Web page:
Currently,​ ​the​ ​main​ ​organization​ ​of​ ​orthodox​ ​rabbis,​ ​the​ ​Rabbinical​ ​Council​ ​of​ ​America,​ ​or​ ​“RCA,”​ ​has repeatedly​ ​maintained​ ​their​ ​valued​ ​belief​ ​in​ ​which​ ​the​ ​title​ ​“Rabbi”​ ​be​ ​reserved​ ​for​ ​a​ ​man.​ ​For​ ​Modern Orthodoxy,​ ​the​ ​RCA​ ​is​ ​the​ ​authoritative​ ​rabbinic​ ​body​ ​that​ ​among​ ​other​ ​things,​ ​implements​ ​how​ ​halacha should​ ​be​ ​practiced​ ​in​ ​a​ ​modern​ ​setting​ ​while​ ​keeping​ ​close​ ​to​ ​original​ ​religious​ ​source.​ ​Thus,​ ​their discourse​ ​should​ ​not​ ​be​ ​seen​ ​as​ ​political​ ​ideology,​ ​but​ ​rather​ ​religious​ ​declarations.​ ​For​ ​many​ ​halachic objections​ ​to​ ​which​ ​this​ ​article​ ​will​ ​not​ ​get​ ​into,​ ​they​ ​have​ ​made​ ​it​ ​clear​ ​that​ ​they​ ​do​ ​not​ ​support​ ​this​ ​new movement.​ ​While​ ​I​ ​can​ ​not​ ​disagree​ ​with​ ​such​ ​a​ ​statement​ ​for​ ​I​ ​am​ ​in​ ​no​ ​position​ ​to,​ ​I​ ​still​ ​empathize with​ ​so​ ​many​ ​close​ ​friends,​ ​classmates,​ ​and​ ​family​ ​members​ ​who​ ​feel​ ​as​ ​though​ ​they​ ​are​ ​not​ ​treated​ ​as equals​ ​under​ ​Jewish​ ​law​ ​in​ ​today’s​ ​modern​ ​world.

Western-feminist​ ​thought​ ​has​ ​reached​ ​the​ ​minds​ ​of​ ​bright,​ ​young​ ​Jewish​ ​Women​ ​and​ ​while​ ​their concerns​ ​must​ ​be​ ​addressed-the​ ​repeated​ ​beliefs​ ​of​ ​our​ ​Modern​ ​Orthodox​ ​leaders,​ ​Rabbis,​ ​and​ ​institutions must​ ​be​ ​followed​ ​at​ ​the​ ​end​ ​of​ ​the​ ​day.​ ​I​ ​heed​ ​to​ ​the​ ​core​ ​principal​ ​that​ ​Judaism​ ​must​ ​not​ ​conform​ ​to​ ​the individual’s​ ​expectations​ ​of​ ​what​ ​their​ ​religion​ ​should​ ​be.​ ​I​ ​ask​ ​my​ ​friends​ ​and​ ​classmates:​ ​Please​ ​do​ ​not push​ ​your​ ​agenda,​ ​as​ ​righteous​ ​as​ ​it​ ​may​ ​be,​ ​to​ ​a​ ​community​ ​that​ ​has​ ​repeatedly​ ​told​ ​you​ ​it’s​ ​against.​ ​Do not​ ​rebel​ ​against​ ​respected​ ​Rabbis​ ​to​ ​prove​ ​a​ ​point​ ​to​ ​a​ ​denomination​ ​that​ ​is​ ​not​ ​ready​ ​for​ ​such​ ​drastic changes.​ ​One​ ​day,​ ​the​ ​RCA​ ​might​ ​reverse​ ​its​ ​current​ ​positions,​ ​and​ ​if​ ​they​ ​welcome​ ​Women​ ​Rabbis​ ​to our​ ​communities​ ​and​ ​shuls-so​ ​be​ ​it.​ ​It​ ​is​ ​for​ ​them​ ​and​ ​our​ ​noble​ ​institutions,​ ​as​ ​well​ ​as​ ​the​ ​Gadoli​ ​Hador to​ ​make​ ​such​ ​a​ ​decision.​ ​But​ ​as​ ​for​ ​today,​ ​in​ ​the​ ​name​ ​of​ ​badly​ ​needed​ ​Achdus,​ ​do​ ​not​ ​fracture​ ​our community’s​ ​long​ ​held​ ​unity​ ​and​ ​togetherness.​ ​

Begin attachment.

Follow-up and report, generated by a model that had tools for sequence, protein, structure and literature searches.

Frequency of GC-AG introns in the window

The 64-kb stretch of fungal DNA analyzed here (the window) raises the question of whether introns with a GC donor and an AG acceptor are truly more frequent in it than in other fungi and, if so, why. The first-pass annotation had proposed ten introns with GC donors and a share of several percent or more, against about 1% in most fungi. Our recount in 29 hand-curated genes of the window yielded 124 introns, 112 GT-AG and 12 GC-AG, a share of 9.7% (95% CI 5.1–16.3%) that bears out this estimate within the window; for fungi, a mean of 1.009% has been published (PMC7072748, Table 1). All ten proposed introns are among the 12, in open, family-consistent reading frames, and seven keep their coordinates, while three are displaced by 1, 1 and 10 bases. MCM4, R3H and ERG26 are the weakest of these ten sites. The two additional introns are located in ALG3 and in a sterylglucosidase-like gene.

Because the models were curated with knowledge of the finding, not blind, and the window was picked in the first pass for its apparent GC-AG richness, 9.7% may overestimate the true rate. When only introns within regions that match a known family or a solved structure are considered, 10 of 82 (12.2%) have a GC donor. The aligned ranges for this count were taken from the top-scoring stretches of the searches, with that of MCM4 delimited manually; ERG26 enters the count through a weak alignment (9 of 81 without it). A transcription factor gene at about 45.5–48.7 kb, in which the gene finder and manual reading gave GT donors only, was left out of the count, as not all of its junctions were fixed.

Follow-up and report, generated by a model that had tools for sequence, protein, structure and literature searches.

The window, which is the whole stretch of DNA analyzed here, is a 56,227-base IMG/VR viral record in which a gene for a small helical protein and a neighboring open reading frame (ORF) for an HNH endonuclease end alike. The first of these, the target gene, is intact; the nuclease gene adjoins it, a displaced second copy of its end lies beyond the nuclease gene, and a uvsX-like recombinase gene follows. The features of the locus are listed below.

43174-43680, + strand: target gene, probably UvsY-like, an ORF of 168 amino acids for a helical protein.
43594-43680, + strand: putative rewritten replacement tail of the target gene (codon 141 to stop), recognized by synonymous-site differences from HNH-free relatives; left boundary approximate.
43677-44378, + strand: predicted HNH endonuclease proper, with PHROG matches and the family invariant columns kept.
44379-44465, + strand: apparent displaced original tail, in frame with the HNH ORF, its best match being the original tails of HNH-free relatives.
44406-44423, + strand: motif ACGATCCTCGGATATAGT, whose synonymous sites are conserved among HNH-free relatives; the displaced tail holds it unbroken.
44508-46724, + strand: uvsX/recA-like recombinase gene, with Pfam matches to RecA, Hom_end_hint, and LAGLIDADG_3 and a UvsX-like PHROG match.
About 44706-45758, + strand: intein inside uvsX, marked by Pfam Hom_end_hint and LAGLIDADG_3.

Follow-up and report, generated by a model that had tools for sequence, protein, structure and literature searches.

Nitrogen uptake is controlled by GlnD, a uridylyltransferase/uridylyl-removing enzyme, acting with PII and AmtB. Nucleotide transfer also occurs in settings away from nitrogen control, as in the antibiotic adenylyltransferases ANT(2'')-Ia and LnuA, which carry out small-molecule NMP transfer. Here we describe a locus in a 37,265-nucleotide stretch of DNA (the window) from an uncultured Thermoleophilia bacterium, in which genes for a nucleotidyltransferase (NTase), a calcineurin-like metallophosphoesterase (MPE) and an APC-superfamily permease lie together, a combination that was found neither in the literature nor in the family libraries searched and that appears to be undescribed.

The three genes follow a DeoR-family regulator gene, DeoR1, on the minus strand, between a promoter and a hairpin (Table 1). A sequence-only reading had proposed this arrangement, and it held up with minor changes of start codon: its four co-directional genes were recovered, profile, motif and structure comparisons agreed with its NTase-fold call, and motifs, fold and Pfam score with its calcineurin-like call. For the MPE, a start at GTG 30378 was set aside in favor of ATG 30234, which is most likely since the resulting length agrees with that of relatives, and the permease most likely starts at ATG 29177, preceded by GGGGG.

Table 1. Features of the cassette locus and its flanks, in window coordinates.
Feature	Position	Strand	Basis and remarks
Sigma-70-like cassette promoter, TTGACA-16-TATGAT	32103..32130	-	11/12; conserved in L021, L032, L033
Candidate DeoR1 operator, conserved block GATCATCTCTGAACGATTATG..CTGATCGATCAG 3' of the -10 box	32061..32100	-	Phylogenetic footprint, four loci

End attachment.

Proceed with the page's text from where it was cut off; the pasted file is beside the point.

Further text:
The​ ​Gadoli​ ​Hador​ ​do​ ​not​ ​in​ ​fact​ ​approve​ ​of​ ​your​ ​requests, so​ ​I​ ​must​ ​insist​ ​you​ ​acknowledge​ ​the​ ​answers​ ​that​ ​have​ ​been​ ​given​ ​to​ ​your​ ​movement.​ ​​ ​If​ ​one​ ​so desperately​ ​feels​ ​that​ ​rejection​ ​and​ ​exclusion​ ​by​ ​the​ ​current​ ​refusal​ ​to​ ​amend​ ​standard​ ​practices,​ ​the Conservative,​ ​Reform,​ ​and​ ​Reconstructionist​ ​communities​ ​will​ ​welcome​ ​you​ ​with​ ​open​ ​arms,​ ​but​ ​as​ ​for Orthodoxy-please​ ​acknowledge​ ​and​ ​respect​ ​what​ ​tradition​ ​and​ ​rabbinical​ ​decree​ ​tells​ ​you.

Lastly,​ ​rabbinic​ ​ordination​ ​is​ ​not​ ​the​ ​only​ ​way​ ​in​ ​which​ ​Women​ ​can​ ​become​ ​important​ ​in​ ​a religious​ ​community.​ ​My​ ​Tanach,​ ​Gemara,​ ​Halacha,​ ​Chumash,​ ​Navi,​ ​and​ ​Hebrew​ ​teachers​ ​are​ ​and​ ​have all​ ​been​ ​Women.​ ​They​ ​have​ ​impacted​ ​my​ ​life​ ​and​ ​furthered​ ​my​ ​education​ ​in​ ​immeasurable​ ​ways,​ ​more​ ​so than​ ​any​ ​man​ ​for​ ​that​ ​matter.​ ​Emasculating​ ​Women​ ​should​ ​not​ ​be​ ​consistent​ ​comparisons​ ​of​ ​equality between​ ​both​ ​genders,​ ​but​ ​rather​ ​Women​ ​should​ ​be​ ​proud​ ​of​ ​who​ ​they​ ​are​ ​and​ ​what​ ​they​ ​stand​ ​for.​ ​The reality​ ​is,​ ​no​ ​one​ ​can​ ​perform​ ​all​ ​613​ ​mitzvot.​ ​Much​ ​like​ ​my​ ​Cohen​ ​friend​ ​who​ ​can’t​ ​attend​ ​funerals, certain​ ​things​ ​apply​ ​to​ ​certain​ ​people.​ ​I,​ ​as​ ​a​ ​man​ ​will​ ​never​ ​be​ ​able​ ​to​ ​have​ ​a​ ​child​ ​and​ ​say​ ​that​ ​he’s 100%​ ​a​ ​Jew.​ ​The​ ​​mother​​ ​is​ ​responsible​ ​for​ ​the​ ​affirmation​ ​of​ ​a​ ​child’s​ ​Jewishness,​ ​and​ ​continuing​ ​Jewish lineage.​ ​Rather​ ​than​ ​focus​ ​on​ ​what​ ​limits​ ​you,​ ​focus​ ​on​ ​what​ ​attributes​ ​and​ ​obligations​ ​are​ ​​incumbent upon​ ​you.​ ​If​ ​your​ ​passion​ ​for​ ​Orthodox​ ​Judaism​ ​is​ ​as​ ​great​ ​as​ ​I​ ​know​ ​it​ ​is,​ ​this​ ​particular​ ​issue​ ​should​ ​not be​ ​of​ ​such​ ​concern​ ​that​ ​would​ ​motivate​ ​you​ ​to​ ​leave​ ​the​ ​practice​ ​altogether!​ ​It​ ​is​ ​my​ ​hope​ ​to​ ​see​ ​an​ ​era​ ​of unprecedented​ ​learning​ ​and​ ​dialogue,​ ​further​ ​pushing​ ​spiritual​ ​prosperity,​ ​and​ ​seeing​ ​the​ ​passion​ ​in​ ​my friends​ ​eyes,​ ​I​ ​know​ ​it’s​ ​possible,​ ​with​ ​or​ ​without​ ​the​ ​title​ ​“Rabbi.”​ ​Maybe​ ​one​ ​day​ ​the​ ​status-quo​ ​will​ ​be of​ ​distant​ ​memory,​ ​but​ ​for​ ​now,​ ​let​ ​all​ ​women​ ​and​ ​men​ ​come​ ​together​ ​and​ ​strive​ ​for​ ​greater​ ​unity, learning,​ ​and​ ​peace.

About the Author
A former Senate and Congressional intern, Shabbos is passionate about politics and history, and helped install the Israeli flag at the 2016 Democratic National Convention. A graduate of SAR High School, Shabbos currently studies at Aish Hatorah of Jerusalem.